What scientists need to know about NIH’s simplified peer review framework
The National Institutes of Health will begin using a new peer-review framework for grant applications due Jan. 25, 2025, and beyond. So what do applicants need to know?
First of all, Mark Caprara, the executive implementation committee co-chair for NIH, reassured the scientific community at an online briefing Nov. 3, that there are few changes for investigators. NIH isn’t overhauling how applications are constructed. The framework will, however, affect how applications are evaluated.
The framework will focus the reviewer’s attention on three main questions: Should it be done? Can it be done? And will it be done?
Three-factor review process
To understand the new approach, you need to know a little about the existing one.
In the current framework, the five criteria are significance, innovation, approach, investigator(s) and environment. Each criterion is scored individually and then factored into an overall impact score.
Also, there’s another set of information that is evaluated under the banner of “additional review criteria.” (More about that later.)
The simplified criteria will focus reviewers on three central factors:
Factor 1: Importance of the research
Reviewers will evaluate the significance and innovation.
Reviewers will give a score between one and nine.
Factor 2: Rigor and feasibility
Reviewers will evaluate the approach.
Reviewers will evaluate the inclusion criteria and coding, study timelines for clinical trial applications, and plans for valid design and analysis of phase III clinical trials, all of which are currently considered additional review criteria.
Reviewers will give a score between one and nine.
Factor 3: Expertise and resources
Reviewers will evaluate the investigator(s) and environment.
This factor is unscored but will be used as a binary item to determine if the expertise and environment are sufficient for the proposed project.
All three factors will be considered by reviewers when determining an overall impact score to reflect their assessment of the project exerting a “sustained, powerful influence on the research field(s) involved.”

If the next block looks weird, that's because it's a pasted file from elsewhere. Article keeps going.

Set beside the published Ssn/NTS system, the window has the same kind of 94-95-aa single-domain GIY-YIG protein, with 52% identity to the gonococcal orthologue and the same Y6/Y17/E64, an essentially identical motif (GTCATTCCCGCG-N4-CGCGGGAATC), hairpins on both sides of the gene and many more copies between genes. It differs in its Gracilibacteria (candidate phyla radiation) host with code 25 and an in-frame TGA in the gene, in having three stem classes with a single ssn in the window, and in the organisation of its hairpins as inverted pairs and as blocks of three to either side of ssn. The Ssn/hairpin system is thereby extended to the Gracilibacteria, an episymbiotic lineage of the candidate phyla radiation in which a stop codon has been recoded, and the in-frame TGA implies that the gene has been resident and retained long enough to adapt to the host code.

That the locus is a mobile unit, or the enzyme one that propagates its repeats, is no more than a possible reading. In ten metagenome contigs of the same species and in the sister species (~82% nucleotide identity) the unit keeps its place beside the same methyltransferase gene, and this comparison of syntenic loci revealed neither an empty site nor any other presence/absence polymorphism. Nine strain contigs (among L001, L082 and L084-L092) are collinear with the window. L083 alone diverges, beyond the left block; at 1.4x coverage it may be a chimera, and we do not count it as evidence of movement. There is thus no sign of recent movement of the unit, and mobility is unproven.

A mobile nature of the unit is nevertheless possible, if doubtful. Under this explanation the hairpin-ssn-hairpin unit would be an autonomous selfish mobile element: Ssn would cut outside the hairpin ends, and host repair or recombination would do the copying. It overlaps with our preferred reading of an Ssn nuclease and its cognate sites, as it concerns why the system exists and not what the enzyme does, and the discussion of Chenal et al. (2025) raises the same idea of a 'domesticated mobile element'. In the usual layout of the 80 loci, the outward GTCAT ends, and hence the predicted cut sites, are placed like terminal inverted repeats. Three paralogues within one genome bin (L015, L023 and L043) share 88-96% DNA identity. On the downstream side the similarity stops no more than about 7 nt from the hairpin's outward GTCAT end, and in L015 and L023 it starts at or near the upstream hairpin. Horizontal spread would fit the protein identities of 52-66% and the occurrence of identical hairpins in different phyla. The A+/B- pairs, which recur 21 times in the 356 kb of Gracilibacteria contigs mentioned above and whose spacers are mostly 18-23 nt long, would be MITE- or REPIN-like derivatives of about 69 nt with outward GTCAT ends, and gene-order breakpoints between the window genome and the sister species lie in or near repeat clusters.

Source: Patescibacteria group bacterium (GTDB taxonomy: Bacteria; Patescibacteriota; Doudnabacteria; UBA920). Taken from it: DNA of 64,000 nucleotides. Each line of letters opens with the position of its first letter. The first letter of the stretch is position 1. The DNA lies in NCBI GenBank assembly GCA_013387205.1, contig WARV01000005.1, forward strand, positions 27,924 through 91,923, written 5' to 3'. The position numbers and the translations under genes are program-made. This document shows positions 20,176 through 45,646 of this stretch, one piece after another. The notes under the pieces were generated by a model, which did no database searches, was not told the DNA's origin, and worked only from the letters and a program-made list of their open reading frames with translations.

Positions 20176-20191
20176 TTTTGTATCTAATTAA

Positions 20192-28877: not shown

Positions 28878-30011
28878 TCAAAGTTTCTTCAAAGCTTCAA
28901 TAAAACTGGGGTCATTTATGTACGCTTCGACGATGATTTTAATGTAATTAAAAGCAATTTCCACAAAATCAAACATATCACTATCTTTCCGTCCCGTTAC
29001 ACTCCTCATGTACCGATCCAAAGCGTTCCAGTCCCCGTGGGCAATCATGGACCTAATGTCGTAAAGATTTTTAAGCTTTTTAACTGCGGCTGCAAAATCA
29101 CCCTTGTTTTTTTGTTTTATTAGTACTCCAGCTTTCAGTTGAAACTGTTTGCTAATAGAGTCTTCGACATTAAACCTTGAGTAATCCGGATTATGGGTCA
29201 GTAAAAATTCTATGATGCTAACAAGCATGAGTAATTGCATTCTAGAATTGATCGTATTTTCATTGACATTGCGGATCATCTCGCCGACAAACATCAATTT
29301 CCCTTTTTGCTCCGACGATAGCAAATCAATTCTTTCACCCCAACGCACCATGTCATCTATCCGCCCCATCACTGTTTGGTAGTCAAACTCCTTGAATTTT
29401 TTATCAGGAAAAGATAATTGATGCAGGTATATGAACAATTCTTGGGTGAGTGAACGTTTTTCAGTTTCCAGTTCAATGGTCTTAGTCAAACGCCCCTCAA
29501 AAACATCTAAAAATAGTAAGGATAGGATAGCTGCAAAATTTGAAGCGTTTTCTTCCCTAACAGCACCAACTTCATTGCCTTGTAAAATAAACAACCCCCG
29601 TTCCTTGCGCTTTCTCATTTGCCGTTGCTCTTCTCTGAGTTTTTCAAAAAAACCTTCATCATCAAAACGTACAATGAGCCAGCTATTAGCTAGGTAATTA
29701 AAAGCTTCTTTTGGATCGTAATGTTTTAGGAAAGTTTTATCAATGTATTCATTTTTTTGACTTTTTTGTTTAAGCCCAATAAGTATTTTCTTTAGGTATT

More on ‘additional review criteria’
If applicable to the proposed project, the following items will be reviewed at the first level of the grant review process: authentication of key biological and/or chemical resources and budget and period of support. These documents will be unscored and not considered for the overall impact score.
In addition, if applicable to the proposed project, the following documents will be reviewed at the first level of the grant review process: human subject protections, vertebrate animal protections, biohazards, resubmissions, renewals and revisions. These documents will be unscored and considered for the overall impact score.
The NIH staff will also assume administrative responsibilities for the following additional review criteria documents: foreign organizations, select agents research and resource sharing plans. NIH staff will evaluate these documents at the second level of the review process.
How we got here
NIH developed the new framework to reduce undue influence of scientific reputation and minimize the administrative burdens for peer reviewers.
The National Institutes of Health has a new, simplified peer-review framework for evaluating research grants. It’ll go into effect for applications submitted Jan. 25, 2025, and beyond.
Learn more from these source materials:
Last year, it sought feedback from the scientific community about a draft simplified framework.
Ann West is the associate vice president for research development and a professor at the University of Oklahoma. She leads the American Society for Biochemistry and Molecular Biology’s Public Affairs Advisory Committee.
“This is a big change for the NIH, reviewers and applicants alike. The (Center for Scientific Review) reached out to the research community, including professional societies like the ASBMB, for input while they were considering these changes. It may take some time to adjust, but, overall, I think the simplified model will be fair and more inclusive,” West said.
The ASBMB submitted its feedback in March.
NIH announced the final framework Oct. 19.
Timeline for educating grant reviewers
NIH has a webpage serving as a central repository of information, and agency officials are using various channels to inform the scientific community about the changes, including the NIH Guide, CSR Review Matters and Open Mike.
NIH officials say they will be training program staff in 2024 and 2025 to ensure transparency in the evaluation process. Reviewer training is scheduled for the spring of 2025, just before the summer review meetings.
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